Progressive phenotype and nuclear accumulation of an amino-terminal cleavage fragment in a transgenic mouse model with inducible expression of full-length mutant huntingtin

Yuji Tanaka, Shuichi Igarashi, Masayuki Nakamura, Juliette Gafni, Cameron Torcassi, Gabrielle Schilling, Danielle Crippen, Jonathan D. Wood, Akira Sawa, Nancy A. Jenkins, Neal G. Copeland, David R. Borchelt, Christopher A. Ross, Lisa M. Ellerby

Research output: Contribution to journalArticle

Abstract

Huntington's disease (HD) is an autosomal dominant neurodegenerative disorder characterized behaviorally by chorea, incoordination, and shortened lifespan and neuropathologically by huntingtin inclusions and neuronal degeneration. In order to facilitate studies of pathogenesis and therapeutics, we have generated a new inducible mouse model of HD expressing full-length huntingtin (Htt) using a tetracycline-regulated promoter. In double transgenic mice Htt was expressed widely in the brain under the control of the tet-transactivator (tTA) driven by the prion promoter PrP (in the absence of doxycycline). Mice expressing full-length mutant Htt, but not full-length normal Htt, displayed a progressive behavioral phenotype, consisting of slowed and irregular voluntary movements, gait ataxia, tremor and jerky movements, incoordination, and weight loss, with a shortened lifespan. Neuropathology included prominent intranuclear inclusions in cortex and striatum as well as cytoplasmic aggregates. This phenotype is very similar to the phenotypes of previous transgenic mice expressing N-terminal fragments of mutant Htt. The current HD-transgenic mice had nuclear accumulation of Htt, particularly an approximately 60-kDa fragment, which appears to represent an N-terminal cleavage product. This fragment is smaller than calpain or caspase-derived cleavage products of Htt, but it is comparable to a product, termed cp-A, which accumulates in nuclei of cells in a previously described cell model. This new mouse model may be useful in the future for pathogenic and preclinical therapeutic studies related to HD. The data suggest that proteolytic processing could be a part of the pathogenesis of HD, potentially representing an attractive therapeutic target.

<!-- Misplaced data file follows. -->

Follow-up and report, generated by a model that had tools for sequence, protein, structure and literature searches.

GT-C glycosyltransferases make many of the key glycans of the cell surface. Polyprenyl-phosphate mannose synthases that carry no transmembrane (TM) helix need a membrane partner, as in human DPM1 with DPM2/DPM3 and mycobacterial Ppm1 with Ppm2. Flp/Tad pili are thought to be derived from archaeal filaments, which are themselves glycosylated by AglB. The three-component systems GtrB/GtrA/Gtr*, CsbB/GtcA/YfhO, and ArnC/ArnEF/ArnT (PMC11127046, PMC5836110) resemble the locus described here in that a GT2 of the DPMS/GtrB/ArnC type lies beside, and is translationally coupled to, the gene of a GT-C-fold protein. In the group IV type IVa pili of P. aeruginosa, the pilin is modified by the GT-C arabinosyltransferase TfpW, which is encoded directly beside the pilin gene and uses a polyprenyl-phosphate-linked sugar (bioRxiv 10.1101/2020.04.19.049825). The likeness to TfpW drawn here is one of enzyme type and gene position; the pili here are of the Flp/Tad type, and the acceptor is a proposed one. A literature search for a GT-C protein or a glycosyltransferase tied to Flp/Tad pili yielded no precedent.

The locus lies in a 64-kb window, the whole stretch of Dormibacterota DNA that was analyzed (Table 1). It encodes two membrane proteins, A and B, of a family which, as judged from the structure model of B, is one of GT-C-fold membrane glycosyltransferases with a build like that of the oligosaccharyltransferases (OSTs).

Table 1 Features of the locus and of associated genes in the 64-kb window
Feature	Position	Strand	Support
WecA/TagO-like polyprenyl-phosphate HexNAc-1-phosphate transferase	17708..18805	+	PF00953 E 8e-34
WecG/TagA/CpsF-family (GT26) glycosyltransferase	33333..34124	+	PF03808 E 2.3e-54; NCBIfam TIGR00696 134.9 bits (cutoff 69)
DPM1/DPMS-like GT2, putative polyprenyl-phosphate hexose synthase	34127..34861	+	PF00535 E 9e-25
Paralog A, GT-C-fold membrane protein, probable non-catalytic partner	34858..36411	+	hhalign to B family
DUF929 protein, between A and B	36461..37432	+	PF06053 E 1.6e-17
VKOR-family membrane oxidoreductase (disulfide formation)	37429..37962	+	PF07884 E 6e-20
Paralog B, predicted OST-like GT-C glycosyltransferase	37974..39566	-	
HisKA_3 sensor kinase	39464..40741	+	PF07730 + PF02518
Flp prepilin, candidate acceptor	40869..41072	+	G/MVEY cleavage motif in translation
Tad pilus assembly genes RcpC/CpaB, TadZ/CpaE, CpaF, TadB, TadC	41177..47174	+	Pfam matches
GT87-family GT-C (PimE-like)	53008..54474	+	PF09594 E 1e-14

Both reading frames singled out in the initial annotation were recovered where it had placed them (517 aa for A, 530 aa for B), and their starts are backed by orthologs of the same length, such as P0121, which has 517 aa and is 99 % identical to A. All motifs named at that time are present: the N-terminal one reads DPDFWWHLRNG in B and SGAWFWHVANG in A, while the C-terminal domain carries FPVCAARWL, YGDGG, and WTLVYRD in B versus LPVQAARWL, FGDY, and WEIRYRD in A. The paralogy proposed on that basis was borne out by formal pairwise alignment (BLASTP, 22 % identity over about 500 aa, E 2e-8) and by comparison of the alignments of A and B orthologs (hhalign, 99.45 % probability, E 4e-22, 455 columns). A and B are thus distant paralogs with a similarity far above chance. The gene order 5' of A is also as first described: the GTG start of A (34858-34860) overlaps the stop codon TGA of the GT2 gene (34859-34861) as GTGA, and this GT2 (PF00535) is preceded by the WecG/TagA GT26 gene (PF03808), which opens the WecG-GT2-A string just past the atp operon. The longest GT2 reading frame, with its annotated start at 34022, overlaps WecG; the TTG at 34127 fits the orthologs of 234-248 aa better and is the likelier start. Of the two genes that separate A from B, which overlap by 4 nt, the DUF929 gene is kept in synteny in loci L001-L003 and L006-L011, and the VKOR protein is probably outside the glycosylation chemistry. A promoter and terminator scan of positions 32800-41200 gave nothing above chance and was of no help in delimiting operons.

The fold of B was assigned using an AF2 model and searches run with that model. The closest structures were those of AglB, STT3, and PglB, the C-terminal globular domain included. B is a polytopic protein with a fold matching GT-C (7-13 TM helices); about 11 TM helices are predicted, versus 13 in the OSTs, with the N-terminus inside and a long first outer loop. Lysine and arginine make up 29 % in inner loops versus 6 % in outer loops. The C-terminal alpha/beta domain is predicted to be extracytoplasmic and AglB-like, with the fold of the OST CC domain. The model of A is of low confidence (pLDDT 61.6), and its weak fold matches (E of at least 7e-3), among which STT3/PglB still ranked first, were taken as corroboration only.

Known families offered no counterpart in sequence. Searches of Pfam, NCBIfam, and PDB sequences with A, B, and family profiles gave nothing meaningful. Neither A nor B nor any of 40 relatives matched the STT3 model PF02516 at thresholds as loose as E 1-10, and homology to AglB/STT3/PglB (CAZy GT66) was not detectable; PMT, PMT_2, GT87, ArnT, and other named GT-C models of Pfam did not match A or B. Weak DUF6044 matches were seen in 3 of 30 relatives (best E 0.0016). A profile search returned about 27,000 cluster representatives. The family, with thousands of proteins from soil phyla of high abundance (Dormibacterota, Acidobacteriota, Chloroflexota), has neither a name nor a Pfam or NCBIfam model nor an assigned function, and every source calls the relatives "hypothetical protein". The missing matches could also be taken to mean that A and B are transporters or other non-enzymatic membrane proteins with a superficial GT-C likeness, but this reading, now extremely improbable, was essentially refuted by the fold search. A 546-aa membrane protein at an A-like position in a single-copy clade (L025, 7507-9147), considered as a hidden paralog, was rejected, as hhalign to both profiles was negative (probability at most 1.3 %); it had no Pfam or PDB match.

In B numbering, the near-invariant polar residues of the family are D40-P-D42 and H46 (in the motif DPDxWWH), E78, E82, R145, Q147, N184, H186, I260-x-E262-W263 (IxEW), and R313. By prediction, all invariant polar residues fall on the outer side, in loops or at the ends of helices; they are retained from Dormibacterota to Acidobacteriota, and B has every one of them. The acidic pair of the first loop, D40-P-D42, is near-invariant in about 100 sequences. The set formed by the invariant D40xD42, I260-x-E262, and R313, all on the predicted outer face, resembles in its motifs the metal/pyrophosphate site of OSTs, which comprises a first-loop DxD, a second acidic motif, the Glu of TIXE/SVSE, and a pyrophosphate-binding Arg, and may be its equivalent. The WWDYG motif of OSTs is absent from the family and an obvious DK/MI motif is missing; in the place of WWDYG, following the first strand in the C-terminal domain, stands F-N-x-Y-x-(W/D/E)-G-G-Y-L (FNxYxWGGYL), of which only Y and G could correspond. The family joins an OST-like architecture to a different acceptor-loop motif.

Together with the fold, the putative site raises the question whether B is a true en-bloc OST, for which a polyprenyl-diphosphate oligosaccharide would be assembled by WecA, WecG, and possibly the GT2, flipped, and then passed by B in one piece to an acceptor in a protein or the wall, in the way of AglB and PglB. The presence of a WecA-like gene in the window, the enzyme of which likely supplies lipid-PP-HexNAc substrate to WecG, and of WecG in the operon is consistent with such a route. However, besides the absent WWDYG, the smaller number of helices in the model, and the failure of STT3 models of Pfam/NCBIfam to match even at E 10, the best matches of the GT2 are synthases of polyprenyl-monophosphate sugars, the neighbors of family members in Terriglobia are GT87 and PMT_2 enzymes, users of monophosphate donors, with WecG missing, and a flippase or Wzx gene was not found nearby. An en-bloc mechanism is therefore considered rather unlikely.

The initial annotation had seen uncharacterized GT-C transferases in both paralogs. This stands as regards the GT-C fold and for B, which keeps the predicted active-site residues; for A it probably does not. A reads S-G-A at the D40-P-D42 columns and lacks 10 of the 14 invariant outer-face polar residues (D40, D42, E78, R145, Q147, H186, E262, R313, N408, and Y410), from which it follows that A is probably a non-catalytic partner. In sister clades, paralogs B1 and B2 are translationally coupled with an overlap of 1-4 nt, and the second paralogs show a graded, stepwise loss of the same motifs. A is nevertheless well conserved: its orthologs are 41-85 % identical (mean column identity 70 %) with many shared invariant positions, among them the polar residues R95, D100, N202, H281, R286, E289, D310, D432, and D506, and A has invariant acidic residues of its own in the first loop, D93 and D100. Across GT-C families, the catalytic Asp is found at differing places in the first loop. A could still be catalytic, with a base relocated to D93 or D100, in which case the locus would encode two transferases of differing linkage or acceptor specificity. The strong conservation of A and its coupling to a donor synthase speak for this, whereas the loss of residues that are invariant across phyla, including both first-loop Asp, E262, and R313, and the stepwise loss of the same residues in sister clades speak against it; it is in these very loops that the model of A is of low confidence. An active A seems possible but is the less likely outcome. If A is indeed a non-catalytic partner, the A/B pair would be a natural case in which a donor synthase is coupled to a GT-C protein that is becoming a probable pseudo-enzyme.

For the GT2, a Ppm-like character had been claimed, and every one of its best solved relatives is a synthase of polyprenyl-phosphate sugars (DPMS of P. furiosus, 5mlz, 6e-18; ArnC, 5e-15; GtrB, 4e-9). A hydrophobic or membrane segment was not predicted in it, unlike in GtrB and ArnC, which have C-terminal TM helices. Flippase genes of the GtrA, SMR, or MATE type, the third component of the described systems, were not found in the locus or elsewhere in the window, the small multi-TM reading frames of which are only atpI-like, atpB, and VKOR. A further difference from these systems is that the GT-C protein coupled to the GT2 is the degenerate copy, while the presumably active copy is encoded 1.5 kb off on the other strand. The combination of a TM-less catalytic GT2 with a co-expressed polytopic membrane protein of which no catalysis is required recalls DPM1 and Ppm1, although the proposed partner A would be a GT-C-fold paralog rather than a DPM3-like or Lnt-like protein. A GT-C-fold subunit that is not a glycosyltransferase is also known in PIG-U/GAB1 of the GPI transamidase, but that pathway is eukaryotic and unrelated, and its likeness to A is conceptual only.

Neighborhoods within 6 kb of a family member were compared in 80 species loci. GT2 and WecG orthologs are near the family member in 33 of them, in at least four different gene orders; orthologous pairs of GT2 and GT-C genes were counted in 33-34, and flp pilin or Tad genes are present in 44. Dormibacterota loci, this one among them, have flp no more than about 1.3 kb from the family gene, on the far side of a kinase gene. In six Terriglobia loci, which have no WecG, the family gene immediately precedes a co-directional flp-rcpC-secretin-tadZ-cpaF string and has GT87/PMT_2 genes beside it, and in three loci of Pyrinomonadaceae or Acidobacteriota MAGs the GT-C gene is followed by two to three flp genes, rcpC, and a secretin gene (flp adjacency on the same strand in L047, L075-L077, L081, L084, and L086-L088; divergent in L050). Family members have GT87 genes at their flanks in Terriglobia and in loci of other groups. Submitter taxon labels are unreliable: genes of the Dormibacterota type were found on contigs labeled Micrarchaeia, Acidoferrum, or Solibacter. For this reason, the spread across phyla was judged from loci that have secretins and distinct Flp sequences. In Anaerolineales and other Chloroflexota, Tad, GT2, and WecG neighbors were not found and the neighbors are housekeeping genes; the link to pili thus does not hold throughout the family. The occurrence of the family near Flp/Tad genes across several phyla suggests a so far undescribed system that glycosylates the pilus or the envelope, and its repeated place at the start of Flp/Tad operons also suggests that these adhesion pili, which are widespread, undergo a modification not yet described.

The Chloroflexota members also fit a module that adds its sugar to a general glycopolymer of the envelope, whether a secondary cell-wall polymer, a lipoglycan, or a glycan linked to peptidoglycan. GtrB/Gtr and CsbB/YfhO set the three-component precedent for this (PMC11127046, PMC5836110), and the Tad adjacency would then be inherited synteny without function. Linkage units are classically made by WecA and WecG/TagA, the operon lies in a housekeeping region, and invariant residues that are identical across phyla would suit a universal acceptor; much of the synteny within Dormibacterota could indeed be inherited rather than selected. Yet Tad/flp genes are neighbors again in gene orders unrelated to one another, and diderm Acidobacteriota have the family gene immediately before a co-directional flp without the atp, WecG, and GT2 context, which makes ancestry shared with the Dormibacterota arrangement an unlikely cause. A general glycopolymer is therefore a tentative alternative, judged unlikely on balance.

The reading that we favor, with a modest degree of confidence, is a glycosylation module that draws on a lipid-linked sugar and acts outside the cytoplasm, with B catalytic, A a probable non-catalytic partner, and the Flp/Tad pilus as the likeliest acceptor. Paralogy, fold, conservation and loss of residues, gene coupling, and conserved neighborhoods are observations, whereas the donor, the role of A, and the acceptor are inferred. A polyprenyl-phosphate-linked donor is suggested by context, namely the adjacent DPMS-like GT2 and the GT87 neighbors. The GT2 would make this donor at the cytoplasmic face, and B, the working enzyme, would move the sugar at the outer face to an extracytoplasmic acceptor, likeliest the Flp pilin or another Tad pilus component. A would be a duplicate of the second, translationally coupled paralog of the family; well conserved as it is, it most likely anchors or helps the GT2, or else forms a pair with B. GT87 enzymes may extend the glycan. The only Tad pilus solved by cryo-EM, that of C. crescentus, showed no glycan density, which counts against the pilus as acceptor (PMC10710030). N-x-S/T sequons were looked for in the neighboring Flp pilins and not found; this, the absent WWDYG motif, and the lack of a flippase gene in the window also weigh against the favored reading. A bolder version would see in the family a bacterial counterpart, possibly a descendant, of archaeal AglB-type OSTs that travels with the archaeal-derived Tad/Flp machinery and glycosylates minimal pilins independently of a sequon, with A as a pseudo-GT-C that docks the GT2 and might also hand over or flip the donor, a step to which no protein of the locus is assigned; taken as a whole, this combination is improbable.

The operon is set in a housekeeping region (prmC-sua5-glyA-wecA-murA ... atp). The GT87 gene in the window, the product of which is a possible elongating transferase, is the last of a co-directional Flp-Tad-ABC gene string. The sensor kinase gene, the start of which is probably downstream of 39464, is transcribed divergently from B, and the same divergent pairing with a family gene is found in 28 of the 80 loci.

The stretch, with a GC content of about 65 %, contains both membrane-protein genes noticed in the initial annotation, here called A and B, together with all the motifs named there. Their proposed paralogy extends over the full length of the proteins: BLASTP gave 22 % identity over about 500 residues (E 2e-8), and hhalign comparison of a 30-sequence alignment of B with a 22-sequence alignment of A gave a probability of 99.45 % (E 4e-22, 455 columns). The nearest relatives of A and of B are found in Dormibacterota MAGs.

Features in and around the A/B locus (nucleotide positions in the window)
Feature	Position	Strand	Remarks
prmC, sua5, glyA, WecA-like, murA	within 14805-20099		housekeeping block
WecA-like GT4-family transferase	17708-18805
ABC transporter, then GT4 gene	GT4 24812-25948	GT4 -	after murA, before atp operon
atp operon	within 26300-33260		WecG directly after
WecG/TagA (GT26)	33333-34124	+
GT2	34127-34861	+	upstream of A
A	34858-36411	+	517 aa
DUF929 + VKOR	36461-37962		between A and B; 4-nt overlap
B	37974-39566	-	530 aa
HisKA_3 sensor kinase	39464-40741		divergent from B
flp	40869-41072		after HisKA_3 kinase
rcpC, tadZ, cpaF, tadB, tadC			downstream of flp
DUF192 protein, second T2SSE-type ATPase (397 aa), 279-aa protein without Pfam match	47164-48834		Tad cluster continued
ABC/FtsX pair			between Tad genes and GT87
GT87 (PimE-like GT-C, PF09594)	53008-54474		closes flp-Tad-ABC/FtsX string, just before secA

Original languageEnglish (US)
Pages (from-to)381-391
Number of pages11
JournalNeurobiology of Disease
Volume21
Issue number2
DOIs
StatePublished - Feb 1 2006

ASJC Scopus subject areas

  • Neurology

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    Tanaka, Y., Igarashi, S., Nakamura, M., Gafni, J., Torcassi, C., Schilling, G., Crippen, D., Wood, J. D., Sawa, A., Jenkins, N. A., Copeland, N. G., Borchelt, D. R., Ross, C. A., & Ellerby, L. M. (2006). Progressive phenotype and nuclear accumulation of an amino-terminal cleavage fragment in a transgenic mouse model with inducible expression of full-length mutant huntingtin. Neurobiology of Disease, 21(2), 381-391. https://doi.org/10.1016/j.nbd.2005.07.014